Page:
An Apple a Day, but Keep the Toxins Away!

by Amylee Amos MS, RDN, IFMCPRecipes

Apple picking season is upon us, and what could be better on a chilly evening than a warm, spiced, baked apple? Talk about a perfect dessert- you get all of the fiber and nutrients of the apple, while enjoying it’s natural sweetness brought out by disease fighting spices.

Of course, eating any fruits and vegetables is better than eating no fruits and vegetables, but unfortunately, Big Ag is making our nutritious apple a potential health hazard. For the last several years, apples have made their way to the top of the Dirty Dozen, the list of fruits and vegetables most laden with toxins from pesticides. This year the Environmental Working Group, who puts out the Dirty Dozen, found 80% of apples tested to contain diphenylamine. Diphenylamine is sprayed on conventionally grown apples to keep them from browning, thus extending their shelf life. Typically when apples are stored for long periods of time in cold storage refrigerators, they develop what’s known as ‘storage scald’, brown or black patches on the skin of the apple. By drenching apples in diphenylamine before storage, the apples are resistant to the discoloration (1).

While this toxic compound keeps apples looking shiny and delicious, the diphenylamine on the apples breaks down into nitrosamines, a group of carcinogenic compounds, which means that they contribute to the development of cancer (2). Equally concerning, nitrosamines have been linked to neurodegenerative diseases such as Alzheimer’s disease (3). While Americans are unknowingly munching away on the nitrosamines on our apples because our government neglects to admit the potential danger and harm they may cause, other countries have taken a more concerned approach. Because of the toxins on our apples, the European Union banned the import of American apples in 2012 (1). This is huge. The European Commission was unable to prove that diphenylamine was safe for human consumption and so they banned the toxin and regulated import of produce that contains it. While surely trade agreements and imports and exports are complicated issues (and well above my pay grade), the fact that Europe is worried about contaminates on our apples should worry us.

Critics of the organic food movement will argue that the amount of diphenylamine or any other toxin on apples is very small, and they would be correct in saying that. But the problem isn’t from eating just one conventionally grown apple. It’s from eating pounds of apples per year as well as eating tons of other pesticide and toxin laden foods. All of these toxins have a compounding effect. They way that all of these toxins are interacting in the milieu of the human body is too complex to be studied using our current tools. All we know is that they contribute to disease risk, likely in different ways and to a different extent in different people. But in terms of apples, just buy organic whenever possible, as this will dramatically cut down on your risk for toxic overload. Of course, if buying organic isn’t a possibility, try to find produce that is ‘pesticide free.’ This is often what you’ll be told if you buy your produce at a farmers market. The small farms that sell at farmers markets often cannot pay for the organic label, but they grow their foods using the same or very similar standards. And if cost is a deterrent for buying organic, go to the farmers markets just before they close. Most of the sellers don’t want to go home with any of the produce they brought with them, so they’ll often sell the leftover produce at your best offer. It’s worth a try!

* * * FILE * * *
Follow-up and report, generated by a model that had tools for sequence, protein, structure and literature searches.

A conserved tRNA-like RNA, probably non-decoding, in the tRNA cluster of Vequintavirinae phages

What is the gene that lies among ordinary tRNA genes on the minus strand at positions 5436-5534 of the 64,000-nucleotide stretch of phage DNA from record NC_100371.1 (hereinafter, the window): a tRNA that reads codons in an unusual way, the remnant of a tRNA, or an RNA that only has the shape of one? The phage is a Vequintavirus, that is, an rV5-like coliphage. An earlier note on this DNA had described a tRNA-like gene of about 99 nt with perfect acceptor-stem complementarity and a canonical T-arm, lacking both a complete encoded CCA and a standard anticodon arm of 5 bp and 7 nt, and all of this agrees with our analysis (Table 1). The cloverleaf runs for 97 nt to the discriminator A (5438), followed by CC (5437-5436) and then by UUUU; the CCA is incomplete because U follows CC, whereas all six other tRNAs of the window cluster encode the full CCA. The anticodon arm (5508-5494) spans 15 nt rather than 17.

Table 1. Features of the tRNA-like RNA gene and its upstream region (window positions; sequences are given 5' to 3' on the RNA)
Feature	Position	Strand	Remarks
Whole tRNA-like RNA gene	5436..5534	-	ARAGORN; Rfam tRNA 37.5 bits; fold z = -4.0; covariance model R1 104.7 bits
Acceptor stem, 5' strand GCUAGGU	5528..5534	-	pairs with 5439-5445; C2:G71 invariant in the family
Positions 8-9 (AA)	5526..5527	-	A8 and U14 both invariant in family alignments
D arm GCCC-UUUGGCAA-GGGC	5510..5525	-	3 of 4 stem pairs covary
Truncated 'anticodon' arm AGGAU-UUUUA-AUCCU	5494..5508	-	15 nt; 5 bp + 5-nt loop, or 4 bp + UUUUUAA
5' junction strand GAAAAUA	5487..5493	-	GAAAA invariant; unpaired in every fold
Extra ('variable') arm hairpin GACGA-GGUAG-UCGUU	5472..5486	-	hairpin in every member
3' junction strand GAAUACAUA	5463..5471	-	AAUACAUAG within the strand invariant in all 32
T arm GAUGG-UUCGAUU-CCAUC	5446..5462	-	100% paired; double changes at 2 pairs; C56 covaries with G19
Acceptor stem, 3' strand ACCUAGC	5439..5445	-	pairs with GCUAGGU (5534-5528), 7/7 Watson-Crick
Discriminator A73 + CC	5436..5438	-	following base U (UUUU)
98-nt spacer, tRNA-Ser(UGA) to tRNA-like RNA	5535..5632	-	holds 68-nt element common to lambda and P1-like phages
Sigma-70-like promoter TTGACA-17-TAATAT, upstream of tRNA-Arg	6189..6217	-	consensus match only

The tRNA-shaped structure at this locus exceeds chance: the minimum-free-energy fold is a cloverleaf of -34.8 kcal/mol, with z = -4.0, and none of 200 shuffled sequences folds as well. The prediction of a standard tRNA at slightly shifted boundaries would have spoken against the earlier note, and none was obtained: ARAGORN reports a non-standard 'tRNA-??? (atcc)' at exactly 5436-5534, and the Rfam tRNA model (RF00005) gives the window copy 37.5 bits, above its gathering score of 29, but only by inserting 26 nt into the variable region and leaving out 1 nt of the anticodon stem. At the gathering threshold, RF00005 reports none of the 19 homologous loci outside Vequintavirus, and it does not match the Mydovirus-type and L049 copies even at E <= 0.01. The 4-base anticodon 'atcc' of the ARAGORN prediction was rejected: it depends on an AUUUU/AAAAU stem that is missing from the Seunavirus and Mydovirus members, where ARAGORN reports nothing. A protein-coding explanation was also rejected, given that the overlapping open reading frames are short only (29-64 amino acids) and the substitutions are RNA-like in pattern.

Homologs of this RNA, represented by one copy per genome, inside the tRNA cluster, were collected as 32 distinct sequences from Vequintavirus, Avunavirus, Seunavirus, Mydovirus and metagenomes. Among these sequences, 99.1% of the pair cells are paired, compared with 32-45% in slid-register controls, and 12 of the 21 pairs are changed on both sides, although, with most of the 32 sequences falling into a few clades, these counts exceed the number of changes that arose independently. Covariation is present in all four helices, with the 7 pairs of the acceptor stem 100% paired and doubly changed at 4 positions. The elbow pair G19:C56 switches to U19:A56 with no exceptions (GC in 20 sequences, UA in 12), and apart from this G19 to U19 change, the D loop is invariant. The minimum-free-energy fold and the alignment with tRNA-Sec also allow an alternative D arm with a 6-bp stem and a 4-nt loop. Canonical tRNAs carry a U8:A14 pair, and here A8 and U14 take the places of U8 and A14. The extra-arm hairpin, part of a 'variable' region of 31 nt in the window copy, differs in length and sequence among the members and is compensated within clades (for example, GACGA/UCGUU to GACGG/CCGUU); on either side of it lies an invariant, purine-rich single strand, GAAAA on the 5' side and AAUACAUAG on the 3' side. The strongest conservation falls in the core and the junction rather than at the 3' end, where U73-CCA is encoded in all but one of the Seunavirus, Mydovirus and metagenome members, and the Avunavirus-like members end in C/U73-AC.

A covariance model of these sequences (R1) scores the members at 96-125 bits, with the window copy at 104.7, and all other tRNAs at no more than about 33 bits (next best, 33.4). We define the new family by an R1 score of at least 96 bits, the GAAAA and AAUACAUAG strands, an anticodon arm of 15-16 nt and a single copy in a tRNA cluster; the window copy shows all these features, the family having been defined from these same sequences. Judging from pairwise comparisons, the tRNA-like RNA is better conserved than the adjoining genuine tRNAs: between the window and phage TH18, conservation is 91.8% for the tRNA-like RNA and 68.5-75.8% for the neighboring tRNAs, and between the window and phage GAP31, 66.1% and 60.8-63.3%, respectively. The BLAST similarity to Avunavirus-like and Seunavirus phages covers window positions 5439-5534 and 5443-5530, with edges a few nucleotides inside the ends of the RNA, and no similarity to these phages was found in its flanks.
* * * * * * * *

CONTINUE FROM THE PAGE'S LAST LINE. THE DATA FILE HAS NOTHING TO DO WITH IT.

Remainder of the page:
Oh, and while you’re at it, try out this delicious spiced apple recipe...

Serving Size: 1 apple


  • 4 small, organic apples
  • 1 tablespoon coconut oil
  • ½ cup walnuts or pecans, chopped
  • 2 teaspoons cinnamon
  • ¼ teaspoon nutmeg, ground
  • ¼ teaspoon cloves, ground
  • ¼ teaspoon ground ginger, ground
  • ½ teaspoon vanilla extract
  • 1 cup plain coconut yogurt (optional)


  1. Preheat oven to 375 degrees.
  2. Core the apples and cut out some of the apple from the center to create space for the filling.
  3. Meanwhile, heat the coconut oil, nuts, cinnamon, nutmeg, ginger, and vanilla over low heat. Stir the mixture well.
  4. Once melted and well mixed, use a spoon to fill each apple with the mixture.
  5. Place the apples in an oven safe dish. Bake for 60 minutes or until fork tender (depending on the size of the apple, they may take longer).
  6. If liquid has leaked from the apples into the dish, spoon the liquid on top of the apples to moisten them.
  7. Optional: Add ¼ cup coconut yogurt on each apple and serve.


  1. Lunder, S. (April 24, 2014). “Behind Europe’s Apple Chemical Ban.” Environmental Working Group. Retrieved from: on October 22, 2018.
  2. Bartsch, H. & Montesano, R. (1984). Relevance of nitrosamines to human cancer. Carcinogenesis, 5(11): 1381-1393.
  3. De la Monte, S.M. & Tong, M. (2009) Mechanisms of Nitrosamine-Mediated Neurodegeneration: Potential Relevance to Sporadic Alzheimer's Disease. Journal of Alzheimer’s Disease, 17(4): 817-825).